When it comes to choosing “trick or treat” for Halloween, most people would gladly choose “treat.” But, tricks can easily crop up, especially if people aren’t cautious or aren’t paying attention to their surroundings. From mapping out a well-lit trick or treat route to being extra alert on the roads on Halloween evening, there are several things you can do to make the holiday a safe and fun time for all. Here are some Halloween safety tips.
Halloween costumes should fit a person well, be brightly colored or have reflective tape on them, and they should be creative and fun. A costume that’s too big poses a tripping hazard while a dark colored costume can make a person difficult to see while trick or treating at dusk.
It’s usually a good idea to skip the mask, especially if a child is wearing the costume. Masks make it difficult for a person to see and can make it hard to breathe, especially if they cover the entire face.
Trick or Treat with Care
Children should trick or treat in groups and those under age 12 should have a responsible adult with them. If older kids want to trick or treat without an adult, make sure they have a cell phone on them and set a time for them to be back home. You can also plan out a route for the older kids to follow, so that you have a general idea of where they will be throughout the evening. A GPS tracker on a child’s phone will let you keep track of the route taken.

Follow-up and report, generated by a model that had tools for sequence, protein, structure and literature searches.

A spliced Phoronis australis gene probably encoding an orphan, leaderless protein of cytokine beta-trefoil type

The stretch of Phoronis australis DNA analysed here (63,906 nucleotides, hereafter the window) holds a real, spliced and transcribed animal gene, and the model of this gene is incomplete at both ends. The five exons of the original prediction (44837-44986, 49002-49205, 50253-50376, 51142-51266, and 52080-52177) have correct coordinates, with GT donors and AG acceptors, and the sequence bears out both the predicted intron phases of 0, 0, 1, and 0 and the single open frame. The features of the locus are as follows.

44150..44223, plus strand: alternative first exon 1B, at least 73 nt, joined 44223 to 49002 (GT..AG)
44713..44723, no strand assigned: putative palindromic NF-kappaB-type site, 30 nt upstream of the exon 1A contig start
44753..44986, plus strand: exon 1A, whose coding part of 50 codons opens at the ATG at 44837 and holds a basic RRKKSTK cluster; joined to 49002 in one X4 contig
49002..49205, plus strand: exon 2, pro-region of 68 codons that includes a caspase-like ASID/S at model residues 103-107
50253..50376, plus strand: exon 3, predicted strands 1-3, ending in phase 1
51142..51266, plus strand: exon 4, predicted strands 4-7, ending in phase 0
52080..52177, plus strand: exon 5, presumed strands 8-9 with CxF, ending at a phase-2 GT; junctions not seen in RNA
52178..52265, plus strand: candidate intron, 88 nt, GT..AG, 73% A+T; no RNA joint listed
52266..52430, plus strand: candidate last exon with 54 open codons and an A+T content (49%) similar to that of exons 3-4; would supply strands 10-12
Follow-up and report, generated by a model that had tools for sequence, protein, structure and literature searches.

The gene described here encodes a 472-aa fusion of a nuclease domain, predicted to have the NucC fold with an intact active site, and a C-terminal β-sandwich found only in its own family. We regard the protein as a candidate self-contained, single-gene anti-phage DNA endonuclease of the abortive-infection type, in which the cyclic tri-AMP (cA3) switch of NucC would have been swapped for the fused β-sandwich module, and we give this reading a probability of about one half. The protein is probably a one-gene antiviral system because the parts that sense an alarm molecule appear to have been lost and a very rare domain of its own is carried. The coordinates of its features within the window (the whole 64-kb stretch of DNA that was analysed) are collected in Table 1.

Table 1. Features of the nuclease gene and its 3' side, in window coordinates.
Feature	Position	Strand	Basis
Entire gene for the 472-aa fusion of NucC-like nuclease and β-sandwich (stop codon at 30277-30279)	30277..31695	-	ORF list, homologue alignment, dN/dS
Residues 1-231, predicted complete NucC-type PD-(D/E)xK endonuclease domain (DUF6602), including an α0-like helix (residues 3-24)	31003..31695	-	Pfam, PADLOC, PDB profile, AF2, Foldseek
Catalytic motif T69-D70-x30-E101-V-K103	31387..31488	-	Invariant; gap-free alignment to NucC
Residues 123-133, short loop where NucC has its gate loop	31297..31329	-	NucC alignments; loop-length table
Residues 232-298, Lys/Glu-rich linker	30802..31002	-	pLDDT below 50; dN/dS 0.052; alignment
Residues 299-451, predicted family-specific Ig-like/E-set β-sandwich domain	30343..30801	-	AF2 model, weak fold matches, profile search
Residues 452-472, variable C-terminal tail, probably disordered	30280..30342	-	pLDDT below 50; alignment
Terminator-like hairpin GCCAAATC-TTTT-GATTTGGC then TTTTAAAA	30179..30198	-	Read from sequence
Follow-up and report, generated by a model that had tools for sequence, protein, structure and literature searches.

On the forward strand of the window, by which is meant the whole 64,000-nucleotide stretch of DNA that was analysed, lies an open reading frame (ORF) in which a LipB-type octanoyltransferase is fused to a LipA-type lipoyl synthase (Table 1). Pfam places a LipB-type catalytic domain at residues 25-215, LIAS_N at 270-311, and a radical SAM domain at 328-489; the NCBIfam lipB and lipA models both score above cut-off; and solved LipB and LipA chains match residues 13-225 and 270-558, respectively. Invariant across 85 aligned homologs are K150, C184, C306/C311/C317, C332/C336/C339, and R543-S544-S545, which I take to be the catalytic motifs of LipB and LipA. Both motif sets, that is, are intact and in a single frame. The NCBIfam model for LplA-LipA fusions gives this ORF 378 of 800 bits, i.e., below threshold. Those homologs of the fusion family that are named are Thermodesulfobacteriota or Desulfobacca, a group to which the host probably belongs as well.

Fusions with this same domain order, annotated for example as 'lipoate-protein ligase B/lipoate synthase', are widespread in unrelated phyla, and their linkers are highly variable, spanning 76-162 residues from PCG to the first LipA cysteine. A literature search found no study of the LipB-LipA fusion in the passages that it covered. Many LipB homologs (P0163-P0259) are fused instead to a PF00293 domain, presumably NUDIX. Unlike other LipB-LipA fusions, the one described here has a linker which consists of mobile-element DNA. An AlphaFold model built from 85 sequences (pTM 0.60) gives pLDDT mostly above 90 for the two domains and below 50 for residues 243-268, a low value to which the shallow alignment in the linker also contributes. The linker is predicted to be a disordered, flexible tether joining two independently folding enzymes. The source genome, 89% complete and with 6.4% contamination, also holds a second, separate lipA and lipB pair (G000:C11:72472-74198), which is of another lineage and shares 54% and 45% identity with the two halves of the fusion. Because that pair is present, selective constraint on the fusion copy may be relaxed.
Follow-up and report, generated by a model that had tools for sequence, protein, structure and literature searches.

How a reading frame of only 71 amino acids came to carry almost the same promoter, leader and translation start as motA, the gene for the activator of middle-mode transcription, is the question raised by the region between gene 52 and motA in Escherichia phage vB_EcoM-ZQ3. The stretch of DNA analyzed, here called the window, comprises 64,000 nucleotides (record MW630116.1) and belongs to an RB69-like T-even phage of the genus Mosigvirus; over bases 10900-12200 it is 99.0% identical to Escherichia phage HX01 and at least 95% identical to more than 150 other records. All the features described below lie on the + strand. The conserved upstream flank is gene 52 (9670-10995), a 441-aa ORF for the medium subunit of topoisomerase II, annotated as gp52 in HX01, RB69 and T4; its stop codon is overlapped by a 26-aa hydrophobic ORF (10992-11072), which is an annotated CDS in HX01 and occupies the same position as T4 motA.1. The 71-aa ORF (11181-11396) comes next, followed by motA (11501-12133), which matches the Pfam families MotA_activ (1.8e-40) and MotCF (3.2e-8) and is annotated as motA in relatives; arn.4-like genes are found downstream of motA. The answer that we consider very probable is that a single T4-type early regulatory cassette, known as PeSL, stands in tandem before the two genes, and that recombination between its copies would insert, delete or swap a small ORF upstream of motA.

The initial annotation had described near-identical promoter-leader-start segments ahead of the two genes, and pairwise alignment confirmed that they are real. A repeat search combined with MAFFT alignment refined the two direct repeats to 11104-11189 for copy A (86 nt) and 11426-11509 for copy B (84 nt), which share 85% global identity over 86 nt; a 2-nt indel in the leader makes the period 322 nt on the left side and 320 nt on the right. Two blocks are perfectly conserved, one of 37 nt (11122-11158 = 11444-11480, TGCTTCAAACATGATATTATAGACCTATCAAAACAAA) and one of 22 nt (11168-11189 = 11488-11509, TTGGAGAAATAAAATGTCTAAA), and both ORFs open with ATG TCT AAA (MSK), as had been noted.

Along with having reflective tape on their costumes, trick or treaters should carry a flashlight in case it gets dark before they return home. Remind trick or treaters to only go to homes that have the lights on and not to go inside the houses of people they don’t know.
Clear a Path
If you’re expecting trick or treaters at your house, you want to make your porch or entryway as safe for them as possible. Turn on the outside lights, so that your home looks welcoming and so that trick or treaters can see clearly. While you might have some decorations along the front walkway or on your porch, make sure there’s a clear path so that people don’t trip. If you’re using carved pumpkins as decorations, use an electric candle, instead of a live flame.
Drivers Look Out Trick or Treaters
Drivers also need to be extra careful on Halloween, as young children might dart into the street while trick or treating or may be walking on the side of the road, if sidewalks aren’t available. Make your car more visible and increase your own visibility by turning on your headlights, even when it’s still light out. Drive slowly through residential areas and pay close attention to crosswalks and intersections, as children may be trying to cross.